Will Alberta finally protect wetlands, or will the oilsands continue to get a free pass?

Blog - Jan. 25, 2010 - By Simon Dyer

We've recently heard from our colleagues in the environmental community that the province may be gearing up finally to release a wetland policy. The Alberta government had originally committed to put a new wetland policy in place by the summer of 2009, so it is long overdue.

The environmental community is watching this issue closely. We want to ensure that there is no net loss of wetlands in the province and that the new policy applies to the entire province of Alberta with no special concessions for any particular type of development.

It's no secret that wetland ecosystems play a critical role in water filtration, groundwater recharge and supporting thousands of species. But how does this specific policy relate to the oilsands?

Alberta has regulated wetland development in the settled portion of the province for many years. If you drain or destroy a wetland here, you are required to "offset" those impacts by preserving or conserving three times as much wetland habitat elsewhere. It is not a perfect approach, but it has contributed to conservation actions that help mitigate some of Alberta's wetland loss.

Unfortunately, the forested portions of Alberta have no such policy - and oilsands companies have taken advantage of this loophole. There is currently no requirement to compensate for the loss of peatlands in northern Alberta, which cannot be reclaimed by current oilsands reclamation techniques.

Why does this matter? Oilsands mining is projected to disturb about 4,800 square kilometres — an area the size of the cities of Edmonton, Calgary, Montreal, Vancouver and Ottawa combined — about half of which is wetland habitats such as fens, peatlands and bogs.

So why does Alberta still not have a provincial wetland policy?
In 2005 the Government of Alberta asked the Alberta Water Council to develop a wetland protection policy that would apply to the whole province. They did, but it took three years.

Meanwhile of course, as is generally the rule in Alberta, it is business as usual before environmental rules are complete, with no protection of wetlands. (For comparison, wetlands on federal land are protected by a "no net loss" policy).

The Alberta Water Council recommendation was a positive piece of work. It recommended maintaining Alberta's wetland area and benefits, and applying an "Avoid-Minimize-Compensate" framework to all development proposals affecting wetlands. The results of broad consultations with Albertans also showed strong support for the need to maintain Alberta's wetland area and function.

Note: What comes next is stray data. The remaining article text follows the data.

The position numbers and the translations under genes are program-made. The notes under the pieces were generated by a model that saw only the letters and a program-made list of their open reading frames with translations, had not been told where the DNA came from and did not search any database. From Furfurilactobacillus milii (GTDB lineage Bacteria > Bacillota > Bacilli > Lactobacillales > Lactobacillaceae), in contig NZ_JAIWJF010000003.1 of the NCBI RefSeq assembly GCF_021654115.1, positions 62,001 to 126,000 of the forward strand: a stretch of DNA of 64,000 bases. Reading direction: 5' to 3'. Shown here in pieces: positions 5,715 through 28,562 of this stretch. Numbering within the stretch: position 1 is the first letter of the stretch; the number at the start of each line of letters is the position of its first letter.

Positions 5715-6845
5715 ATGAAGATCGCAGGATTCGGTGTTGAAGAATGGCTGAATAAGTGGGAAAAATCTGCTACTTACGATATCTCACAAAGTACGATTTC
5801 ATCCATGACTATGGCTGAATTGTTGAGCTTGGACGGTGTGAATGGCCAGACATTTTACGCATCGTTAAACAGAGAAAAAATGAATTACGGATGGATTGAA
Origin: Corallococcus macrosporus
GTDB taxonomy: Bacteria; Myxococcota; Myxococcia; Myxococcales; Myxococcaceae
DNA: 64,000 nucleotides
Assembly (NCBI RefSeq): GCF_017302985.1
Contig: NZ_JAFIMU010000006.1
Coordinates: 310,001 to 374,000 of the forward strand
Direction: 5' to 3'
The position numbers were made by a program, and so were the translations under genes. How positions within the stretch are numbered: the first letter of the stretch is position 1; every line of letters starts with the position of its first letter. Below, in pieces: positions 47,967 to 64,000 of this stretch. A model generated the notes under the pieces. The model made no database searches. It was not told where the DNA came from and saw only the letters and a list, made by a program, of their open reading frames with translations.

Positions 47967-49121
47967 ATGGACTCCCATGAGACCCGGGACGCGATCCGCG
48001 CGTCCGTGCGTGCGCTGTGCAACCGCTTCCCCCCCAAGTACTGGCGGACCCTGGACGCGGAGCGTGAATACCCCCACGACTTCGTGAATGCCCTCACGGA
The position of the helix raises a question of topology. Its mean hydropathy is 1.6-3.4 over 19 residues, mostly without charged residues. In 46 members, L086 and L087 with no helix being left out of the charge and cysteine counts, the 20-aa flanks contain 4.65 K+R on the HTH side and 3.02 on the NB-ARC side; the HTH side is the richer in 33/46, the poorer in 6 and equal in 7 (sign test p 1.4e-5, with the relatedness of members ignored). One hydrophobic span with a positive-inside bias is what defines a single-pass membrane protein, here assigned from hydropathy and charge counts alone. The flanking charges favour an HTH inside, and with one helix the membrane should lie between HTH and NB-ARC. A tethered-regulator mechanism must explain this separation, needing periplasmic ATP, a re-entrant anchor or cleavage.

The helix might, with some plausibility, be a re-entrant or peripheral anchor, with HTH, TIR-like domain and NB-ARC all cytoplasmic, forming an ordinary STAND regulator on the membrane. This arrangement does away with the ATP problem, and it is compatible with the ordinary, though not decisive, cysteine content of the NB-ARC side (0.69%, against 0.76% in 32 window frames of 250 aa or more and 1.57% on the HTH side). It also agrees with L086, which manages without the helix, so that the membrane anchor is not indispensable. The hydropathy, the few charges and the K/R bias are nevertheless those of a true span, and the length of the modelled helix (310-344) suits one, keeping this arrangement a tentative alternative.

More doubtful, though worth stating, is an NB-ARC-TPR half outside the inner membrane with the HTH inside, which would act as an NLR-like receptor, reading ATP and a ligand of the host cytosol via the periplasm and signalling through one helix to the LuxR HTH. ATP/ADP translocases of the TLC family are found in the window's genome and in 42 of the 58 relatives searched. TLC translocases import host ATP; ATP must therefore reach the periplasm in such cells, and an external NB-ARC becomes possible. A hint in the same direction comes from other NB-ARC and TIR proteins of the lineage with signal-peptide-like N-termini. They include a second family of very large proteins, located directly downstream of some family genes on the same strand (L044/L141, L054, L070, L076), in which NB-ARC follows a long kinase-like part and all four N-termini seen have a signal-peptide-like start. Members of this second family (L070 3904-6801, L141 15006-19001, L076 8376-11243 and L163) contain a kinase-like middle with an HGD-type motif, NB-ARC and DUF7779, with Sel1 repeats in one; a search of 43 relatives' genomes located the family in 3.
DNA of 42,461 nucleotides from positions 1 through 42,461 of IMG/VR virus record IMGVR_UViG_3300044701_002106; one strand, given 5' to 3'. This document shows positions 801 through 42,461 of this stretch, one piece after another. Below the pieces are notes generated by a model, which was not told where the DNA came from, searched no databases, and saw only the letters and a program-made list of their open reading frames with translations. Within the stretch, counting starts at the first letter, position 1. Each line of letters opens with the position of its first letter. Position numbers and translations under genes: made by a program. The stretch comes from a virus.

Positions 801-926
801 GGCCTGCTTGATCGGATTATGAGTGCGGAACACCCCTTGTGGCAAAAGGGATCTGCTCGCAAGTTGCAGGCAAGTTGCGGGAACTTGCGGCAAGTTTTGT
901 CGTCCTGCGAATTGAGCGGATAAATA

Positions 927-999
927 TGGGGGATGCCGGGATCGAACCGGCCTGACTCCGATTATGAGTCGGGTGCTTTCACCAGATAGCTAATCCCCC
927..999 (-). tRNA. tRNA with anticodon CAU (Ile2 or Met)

The oilsands sector fully participated in the process of arriving at these recommendations, which, like all multi-sector processes, included concessions to gain broad sectoral support. Yet, when it came time for final approval of the Council's recommendations to forward to the Government of Alberta, the oilsands industry, through its representatives the Canadian Association of Petroleum Producers and the Alberta Chamber of Resources submitted letters of non-consensus.

What happened next? The policy recommendation disappeared into the bureaucracy, plagued by further delay. Meanwhile, wetland loss continues across Alberta — particularly in the oilsands.

A provincial wetland policy is another great opportunity for the Government of Alberta to move beyond the rhetoric about environmental performance and implement a long overdue policy that will demonstrate a commitment to hold the oilsands industry to the highest standards of environmental management and mitigation.

Will the policy follow the balanced recommendations supported by Albertans and virtually all stakeholders in Alberta, or will it be watered down by the lobbying of a single sector that balks at environmental protection costs calculated as being mere cents per barrel of bitumen production? We'll be watching to ensure the oilsands developers are held to the same standards for the protection of our precious wetlands as other industries and landowners in Alberta, and that the principles of no net loss to Alberta's wetlands remain. Stay tuned!

Tags:  Oilsands

Simon Dyer

Simon Dyer is the deputy executive director of the Pembina Institute. He is based in Edmonton.


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